Part 5 - The Planning Process
As soon as the needs and priorities have been clarified, the planning process can begin. In a conventional housing project, the planning and design functions are undertaken by town planners, land surveyors and engineers – usually without even consulting the people who are going to live there.
In a UISP project, the process is quite different because the planning and designing of the upgrade is done by the partnership, with the help of the technical experts and professionals. This means that the experts must first listen to the partnership members as they explain their needs and priorities. They must then work with the partnership members to establish some design principles for the upgrade, which will depend upon a mixture of local factors and technical possibilities.
The experts must then help the partnership members to understand the various ways in which those needs can be addressed so that the partnership can reach agreement on how to work together to achieve the best possible upgrade.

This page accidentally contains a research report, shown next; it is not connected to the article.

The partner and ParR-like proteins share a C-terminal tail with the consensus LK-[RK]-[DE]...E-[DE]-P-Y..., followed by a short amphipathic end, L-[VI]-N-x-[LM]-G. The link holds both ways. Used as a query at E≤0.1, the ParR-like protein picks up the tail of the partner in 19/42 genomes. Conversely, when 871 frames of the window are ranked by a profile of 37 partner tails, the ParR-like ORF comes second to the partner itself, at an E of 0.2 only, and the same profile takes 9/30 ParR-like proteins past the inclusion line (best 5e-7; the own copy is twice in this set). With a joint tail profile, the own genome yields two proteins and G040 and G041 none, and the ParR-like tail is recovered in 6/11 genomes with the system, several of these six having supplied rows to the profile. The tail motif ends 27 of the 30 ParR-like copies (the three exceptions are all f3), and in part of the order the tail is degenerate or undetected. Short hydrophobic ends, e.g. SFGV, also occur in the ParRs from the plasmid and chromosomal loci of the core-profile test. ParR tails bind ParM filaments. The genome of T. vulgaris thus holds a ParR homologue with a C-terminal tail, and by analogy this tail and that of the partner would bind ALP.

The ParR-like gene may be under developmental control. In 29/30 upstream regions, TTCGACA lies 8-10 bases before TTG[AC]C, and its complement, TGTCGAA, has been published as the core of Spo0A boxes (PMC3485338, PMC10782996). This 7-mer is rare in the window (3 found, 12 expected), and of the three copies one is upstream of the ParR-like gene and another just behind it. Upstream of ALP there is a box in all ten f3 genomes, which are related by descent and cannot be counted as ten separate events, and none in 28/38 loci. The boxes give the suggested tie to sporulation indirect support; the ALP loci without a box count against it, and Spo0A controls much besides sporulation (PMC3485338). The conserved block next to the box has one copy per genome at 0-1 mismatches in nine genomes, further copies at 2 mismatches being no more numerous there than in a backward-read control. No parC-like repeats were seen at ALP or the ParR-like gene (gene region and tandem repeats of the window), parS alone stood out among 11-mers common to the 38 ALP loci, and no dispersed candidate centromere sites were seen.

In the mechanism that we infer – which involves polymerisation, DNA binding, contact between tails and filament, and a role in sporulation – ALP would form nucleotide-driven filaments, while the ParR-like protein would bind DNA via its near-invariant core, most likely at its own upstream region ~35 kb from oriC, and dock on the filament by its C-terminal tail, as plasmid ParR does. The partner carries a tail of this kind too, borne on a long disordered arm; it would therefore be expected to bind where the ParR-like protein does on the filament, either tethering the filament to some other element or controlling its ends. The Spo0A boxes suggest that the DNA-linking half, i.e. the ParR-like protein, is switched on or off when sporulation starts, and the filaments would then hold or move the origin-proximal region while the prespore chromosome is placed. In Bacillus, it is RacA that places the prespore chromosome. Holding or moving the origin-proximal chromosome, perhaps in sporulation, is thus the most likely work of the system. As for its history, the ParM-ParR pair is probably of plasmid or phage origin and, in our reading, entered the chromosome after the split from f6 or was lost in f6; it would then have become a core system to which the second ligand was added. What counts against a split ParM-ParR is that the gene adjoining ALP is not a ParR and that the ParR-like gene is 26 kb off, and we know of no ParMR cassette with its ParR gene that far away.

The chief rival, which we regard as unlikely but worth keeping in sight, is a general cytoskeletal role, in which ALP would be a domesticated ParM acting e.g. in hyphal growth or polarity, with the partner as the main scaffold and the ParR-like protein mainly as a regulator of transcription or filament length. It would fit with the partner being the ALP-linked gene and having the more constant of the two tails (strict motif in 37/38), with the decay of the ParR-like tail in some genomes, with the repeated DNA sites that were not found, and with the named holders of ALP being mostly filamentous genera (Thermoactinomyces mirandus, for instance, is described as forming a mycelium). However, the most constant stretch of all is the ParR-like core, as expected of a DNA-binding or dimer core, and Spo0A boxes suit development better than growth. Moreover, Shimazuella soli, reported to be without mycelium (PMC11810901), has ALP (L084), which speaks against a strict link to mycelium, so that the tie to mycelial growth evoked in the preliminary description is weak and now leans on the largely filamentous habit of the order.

You can learn about the theory and practice of participatory planning in a two-part manual produced by UN-Habitat.
Another learning resource that includes a detailed example from South Africa can be found here.
Furthermore, all the case studies that are contained in Part 1 of this NUSP Resource Kit contain interesting examples of participatory planning processes.
The Department of Human Settlements has produced a Housing Project Process Guide as an aid to those managing UISP and IRDP projects. It provides more detail than the UISP policy itself, presented in a format that may appeal particularly to project managers.
Here can be found South African examples of detailed scopes of work and their costing.